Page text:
EMPLOYMENT LAW TERMS

Discrimination

In terms of civil rights and employment laws, discrimination is when an individual or group is treated unfairly or given unequal treatment, based on certain characteristics. Some of the more common forms of civil rights and employment discrimination include:

– Age

– Ability / Disability

– Ethnicity

– Gender

– Gender Identity

– Marital status

– Nationality and/or country of origin

– Religious

– Sexual orientation

The Age Discrimination in Employment Act is specific federal legislation that prohibits unfair and discriminattory treatment in employment on the basis of age. It typically covers individuals that are 40 years of age or older.

Sexual Harassment

Sexual harassment is a form of discrimination. If an employee is subjected to inappropriate sexual behavior while at work, it is illegal and may be grounds for a lawsuit.

At-Will Employment

When an employee and an employer have an employment relationship in which there is no contractual agreement and either party may end the employment relationship at any time and for any or no reason at all without incurring any penalties, it is called at-will employment. The exception to being allowed to terminate an employee for any or no reason is that this is not allowed if it violates labor laws.

Back Pay

In an employment lawsuit, back pay is a type of damages award. It represents the amount of money an employee would have earned if the employee was not fired or dismissed, or denied a promotion for unlawful reasons.

Hostile Work Environment

The phrase hostile work environment is used when a work environment is highly charged with harassment or other unwanted (and unlawful) behavior. By law, employers are required to provide their employees with a safe work environment that is free from harassment. If a hostile work environment interferes with an employer’s ability to do their job, it is in violation of employment law. It does not matter who harasses an employee, it can be an individual or group of co-workers, managers, supervisors, bosses, owners, or subordinates, etc.- an employer is supposed to protect employees from harassment and discrimination while they are on the job.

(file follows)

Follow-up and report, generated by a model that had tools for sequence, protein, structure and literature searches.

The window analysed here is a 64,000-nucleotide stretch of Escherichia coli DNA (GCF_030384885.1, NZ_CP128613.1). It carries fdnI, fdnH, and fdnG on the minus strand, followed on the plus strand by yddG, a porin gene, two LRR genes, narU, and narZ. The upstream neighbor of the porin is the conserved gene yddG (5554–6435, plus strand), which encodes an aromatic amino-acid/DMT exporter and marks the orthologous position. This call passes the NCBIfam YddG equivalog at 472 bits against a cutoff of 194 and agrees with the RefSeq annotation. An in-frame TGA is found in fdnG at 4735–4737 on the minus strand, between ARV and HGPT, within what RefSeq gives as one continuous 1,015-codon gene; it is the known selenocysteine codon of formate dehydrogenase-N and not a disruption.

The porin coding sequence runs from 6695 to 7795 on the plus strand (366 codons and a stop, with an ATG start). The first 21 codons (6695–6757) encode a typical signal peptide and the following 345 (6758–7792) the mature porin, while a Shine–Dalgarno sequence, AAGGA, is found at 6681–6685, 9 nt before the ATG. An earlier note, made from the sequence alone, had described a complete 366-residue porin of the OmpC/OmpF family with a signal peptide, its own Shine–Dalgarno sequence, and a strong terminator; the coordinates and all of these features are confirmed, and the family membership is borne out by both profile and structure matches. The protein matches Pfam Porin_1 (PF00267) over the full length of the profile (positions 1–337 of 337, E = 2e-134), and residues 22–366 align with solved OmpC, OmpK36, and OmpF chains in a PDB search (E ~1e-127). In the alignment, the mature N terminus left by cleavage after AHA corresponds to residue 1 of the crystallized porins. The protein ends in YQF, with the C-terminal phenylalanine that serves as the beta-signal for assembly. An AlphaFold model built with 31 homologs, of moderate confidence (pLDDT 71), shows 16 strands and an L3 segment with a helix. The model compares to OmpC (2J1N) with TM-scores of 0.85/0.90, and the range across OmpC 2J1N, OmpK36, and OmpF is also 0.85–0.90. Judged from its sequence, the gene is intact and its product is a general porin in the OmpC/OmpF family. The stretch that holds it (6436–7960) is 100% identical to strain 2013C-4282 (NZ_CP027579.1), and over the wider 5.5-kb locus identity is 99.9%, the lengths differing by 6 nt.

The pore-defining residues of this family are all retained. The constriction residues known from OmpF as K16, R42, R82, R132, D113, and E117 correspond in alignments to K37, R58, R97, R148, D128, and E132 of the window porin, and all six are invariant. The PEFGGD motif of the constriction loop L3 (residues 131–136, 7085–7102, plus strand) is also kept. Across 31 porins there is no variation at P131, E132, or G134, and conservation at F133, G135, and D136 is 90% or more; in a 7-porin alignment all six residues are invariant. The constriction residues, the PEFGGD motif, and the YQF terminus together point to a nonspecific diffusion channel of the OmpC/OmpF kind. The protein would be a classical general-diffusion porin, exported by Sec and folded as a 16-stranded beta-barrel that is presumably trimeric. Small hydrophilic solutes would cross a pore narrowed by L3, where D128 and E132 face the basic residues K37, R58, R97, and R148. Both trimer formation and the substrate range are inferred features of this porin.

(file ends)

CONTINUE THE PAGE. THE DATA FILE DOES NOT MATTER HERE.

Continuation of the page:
Wage and Hour

The federal government sets out a minimum wage that all employers must not pay their employees less than. As of 2019, 29 states and DC as require employers pay minimum wages above the federal minimum of $7.25 per hour. Employers are required to pay overtime wages when an employee exceeds working 40 hours in a one week period, as well as abide by other wage and hour laws such as, the number of break an employee is allowed to take and the length of time of these breaks, etc.

Wrongful Termination

For an employee to be legally terminated, the employer must have proof that the employee was not doing their job. An employer may not fire an employee out of retaliation for an employee filing a legal complaint, or because protected characteristics such as race, gender, religion, pregnancy, disability, etc.
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